LMPD :: Louisville Metro Police Department

Metro Council asks for clarity on removal of members


With all the controversy surrounding Councilwoman Dr. Judy Green, (D) District 1, members of the Louisville Metro Council for the first time this week asked for clarification on how to remove a council member.

Green is accused of mismanaging money for a summer jobs program and hiring her family. An internal audit found a lack of documentation of how the money was spent.

Now the Metro Ethics Commission will hear the case and the council is asking what to do if it finds against Green.

"You alluded to removal from office," Council President Jim King, (D) District 10, asked the county attorney at Tuesday's Committee on Committees meeting, "that is obviously, I guess an option, how does that work if it did rise to that level?"

Majority Caucus Communications Director Tony Hyatt says don't read too much into those questions. The council is just trying to be prepared.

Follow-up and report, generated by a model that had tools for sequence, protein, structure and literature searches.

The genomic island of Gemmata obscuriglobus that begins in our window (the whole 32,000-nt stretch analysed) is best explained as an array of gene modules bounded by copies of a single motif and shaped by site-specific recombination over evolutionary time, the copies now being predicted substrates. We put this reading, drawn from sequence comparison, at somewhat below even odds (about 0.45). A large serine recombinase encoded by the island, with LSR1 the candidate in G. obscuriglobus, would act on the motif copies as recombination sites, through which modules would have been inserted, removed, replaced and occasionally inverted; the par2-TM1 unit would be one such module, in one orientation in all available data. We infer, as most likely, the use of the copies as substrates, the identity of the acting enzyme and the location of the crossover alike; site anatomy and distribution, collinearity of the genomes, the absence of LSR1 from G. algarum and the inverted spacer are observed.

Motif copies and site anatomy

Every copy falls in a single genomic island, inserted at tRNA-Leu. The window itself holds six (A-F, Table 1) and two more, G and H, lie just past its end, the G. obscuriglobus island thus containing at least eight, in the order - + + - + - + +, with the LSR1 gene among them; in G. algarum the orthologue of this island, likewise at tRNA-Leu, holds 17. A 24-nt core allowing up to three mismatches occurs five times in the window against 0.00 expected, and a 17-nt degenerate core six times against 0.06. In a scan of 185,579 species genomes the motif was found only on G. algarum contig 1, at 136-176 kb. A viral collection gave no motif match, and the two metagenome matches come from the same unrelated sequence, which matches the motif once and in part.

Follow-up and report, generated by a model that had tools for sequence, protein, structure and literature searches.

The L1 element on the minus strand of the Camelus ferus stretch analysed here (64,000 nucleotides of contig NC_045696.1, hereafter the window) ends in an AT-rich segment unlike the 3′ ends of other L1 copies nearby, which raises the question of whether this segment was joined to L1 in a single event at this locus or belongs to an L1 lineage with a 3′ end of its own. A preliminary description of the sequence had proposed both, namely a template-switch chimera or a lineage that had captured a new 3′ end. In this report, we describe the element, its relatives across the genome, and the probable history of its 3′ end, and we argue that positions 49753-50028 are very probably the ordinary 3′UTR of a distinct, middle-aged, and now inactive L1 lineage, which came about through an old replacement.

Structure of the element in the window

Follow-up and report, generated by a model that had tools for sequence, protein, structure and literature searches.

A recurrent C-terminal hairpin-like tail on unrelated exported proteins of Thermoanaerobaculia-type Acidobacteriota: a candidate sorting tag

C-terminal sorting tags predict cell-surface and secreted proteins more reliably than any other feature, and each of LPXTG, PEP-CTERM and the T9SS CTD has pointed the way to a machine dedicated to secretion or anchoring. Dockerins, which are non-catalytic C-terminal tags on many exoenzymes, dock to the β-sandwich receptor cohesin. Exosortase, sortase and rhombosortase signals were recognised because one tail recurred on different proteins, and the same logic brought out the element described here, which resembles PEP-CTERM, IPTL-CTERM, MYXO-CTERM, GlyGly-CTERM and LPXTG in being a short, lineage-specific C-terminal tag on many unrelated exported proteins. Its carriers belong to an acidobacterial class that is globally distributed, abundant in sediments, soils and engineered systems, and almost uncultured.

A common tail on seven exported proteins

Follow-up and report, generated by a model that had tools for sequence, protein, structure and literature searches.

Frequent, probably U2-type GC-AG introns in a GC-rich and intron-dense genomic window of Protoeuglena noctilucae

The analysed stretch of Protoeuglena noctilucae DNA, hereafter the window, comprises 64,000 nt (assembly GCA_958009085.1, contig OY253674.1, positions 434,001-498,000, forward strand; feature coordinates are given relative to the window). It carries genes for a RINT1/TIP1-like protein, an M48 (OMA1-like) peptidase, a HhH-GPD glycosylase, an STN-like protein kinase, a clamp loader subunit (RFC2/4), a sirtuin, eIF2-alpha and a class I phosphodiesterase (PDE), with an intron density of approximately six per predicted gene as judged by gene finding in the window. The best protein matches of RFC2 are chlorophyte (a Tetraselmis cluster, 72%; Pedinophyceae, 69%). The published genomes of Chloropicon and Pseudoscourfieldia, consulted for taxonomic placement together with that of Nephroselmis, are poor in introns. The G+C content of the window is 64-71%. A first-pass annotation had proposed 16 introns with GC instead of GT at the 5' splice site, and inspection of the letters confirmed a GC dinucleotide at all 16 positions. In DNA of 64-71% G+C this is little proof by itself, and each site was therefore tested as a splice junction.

"I think you have a lot of folks who are really waiting for the results of the ethics commission before they decide," Hyatt said.

The ethics commission can either rule Green did or did not violate the Metro's ethics ordinance and, at maximum, impose a $500 fine. Any further penalties, including reprimand or removal, would have to come from the council.

"There's never been a situation where the Metro Council has been faced with the possibility of removing someone from office," said Hyatt.

According to Hyatt, a council member can be removed after either the mayor brings a charge of misconduct to the council or five members of the council swear out an oath charging misconduct. The council would then have to hold a hearing and two-thirds of the members must vote in favor of removal.

Whether Green's case will ever get that far is still a long way from clear.

"When it comes to a formal charge of misconduct or hint of malfeasance or misfeasance, the council has never had to deal with it," Hyatt said. "We are sort of on brand new territory here."

The Metro Ethics Commission next meets March 17, which is the earliest it could consider Green's case. A ruling would be several weeks later.

A spokesman for Mayor Greg Fischer said the mayor wants all the facts to come in before making any comments or moves.